The trouble with the atheological argument against the existence of God from the occasion of evil(s) is that it is hopelessly speculative. I was explaining this recently to a good friend via an email exchange. I wrote:
Perhaps you could imagine that God wouldn’t do X (that would be incompatible with his all-good nature), and an X will be something like an instance of gratuitous evil (an evil which is not, in the final calculus of things, redemptive – i.e., for which God has no morally sufficient reason). However, there’s no way to empirically verify X. Some Naturalists do give a probabilistic empirical argument against the existence of God this way, by arguing that there are some surprising occasions of evil E, which seem to be gratuitous G. We can formulate this as follows:
- Ga (probably)This isn’t a deductive-nomological argument, but a statistical, probabilistic inductive argument. Still, nobody thinks, post-Plantinga, that you can have any deductive-nomological argument against the existence of God from evil. All such arguments have to be inductive and probabilistic.The trouble with this argument is that it is hopelessly speculative. What kind of criteria can we have for measuring the probability claim of the first premise? We would presumably have to know what God knows, or at least know most of what God knows, in order to know that God ‘probably’ doesn’t have any morally sufficient reason for allowing some instance of evil. The argument from evil, even when it appeals to things like the sanctioned death of all the Canaanites who stubbornly remained in the land, is just speculative. Any argument for there being a Gx will be less plausible than the argument(s) for believing that Theism is true, and since mutual exclusivity obtains between Gx and God’s existence, we have better grounds for denying Gx than we can have for affirming it.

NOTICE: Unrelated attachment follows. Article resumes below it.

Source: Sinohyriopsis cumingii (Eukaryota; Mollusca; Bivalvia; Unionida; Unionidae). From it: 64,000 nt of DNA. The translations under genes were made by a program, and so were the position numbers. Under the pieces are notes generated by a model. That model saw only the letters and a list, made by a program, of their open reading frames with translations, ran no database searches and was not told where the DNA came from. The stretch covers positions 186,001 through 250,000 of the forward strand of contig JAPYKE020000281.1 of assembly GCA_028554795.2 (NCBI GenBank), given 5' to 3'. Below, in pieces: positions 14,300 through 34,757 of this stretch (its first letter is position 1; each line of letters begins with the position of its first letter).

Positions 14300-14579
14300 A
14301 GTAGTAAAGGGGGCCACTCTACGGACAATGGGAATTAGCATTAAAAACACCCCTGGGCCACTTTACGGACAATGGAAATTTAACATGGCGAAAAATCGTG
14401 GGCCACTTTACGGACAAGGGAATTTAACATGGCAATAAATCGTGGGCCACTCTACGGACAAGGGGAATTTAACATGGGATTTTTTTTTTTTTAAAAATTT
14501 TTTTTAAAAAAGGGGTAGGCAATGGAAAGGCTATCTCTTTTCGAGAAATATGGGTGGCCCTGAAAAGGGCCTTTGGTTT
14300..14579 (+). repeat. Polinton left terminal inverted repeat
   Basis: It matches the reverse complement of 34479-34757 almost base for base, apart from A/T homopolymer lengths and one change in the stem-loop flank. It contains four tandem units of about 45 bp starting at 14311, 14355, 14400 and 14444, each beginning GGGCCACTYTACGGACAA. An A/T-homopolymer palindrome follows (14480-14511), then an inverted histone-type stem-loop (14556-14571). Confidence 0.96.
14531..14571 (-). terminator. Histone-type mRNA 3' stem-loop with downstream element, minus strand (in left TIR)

Here’s a thought: suppose an Atheist were to append her argument from evil with an index of defeaters for other arguments for the existence of God, such that if we take any argument for the existence of God, like the ontological, teleological or cosmological arguments, we find that not a single one increases the probability that God exists. Take the set of all such arguments in Natural Theology to be symbolized as NT, and let G represent the proposition “God exists”. Then the claim will go as follows:
With this claim in place, one can proceed to argue that, even if the argument from evil is extremely speculative, it does make it somewhat more probable that God does not exist. Then one can argue that all things are equal, and run the argument in the way I formulated it in the email exchange. Technically one doesn’t even need P(G|NT)=P(~G|NT), one may only need the following, as Paul Draper (whose work on this I highly recommend) sometimes seems to put it (PE represents ‘Problem of Evil’):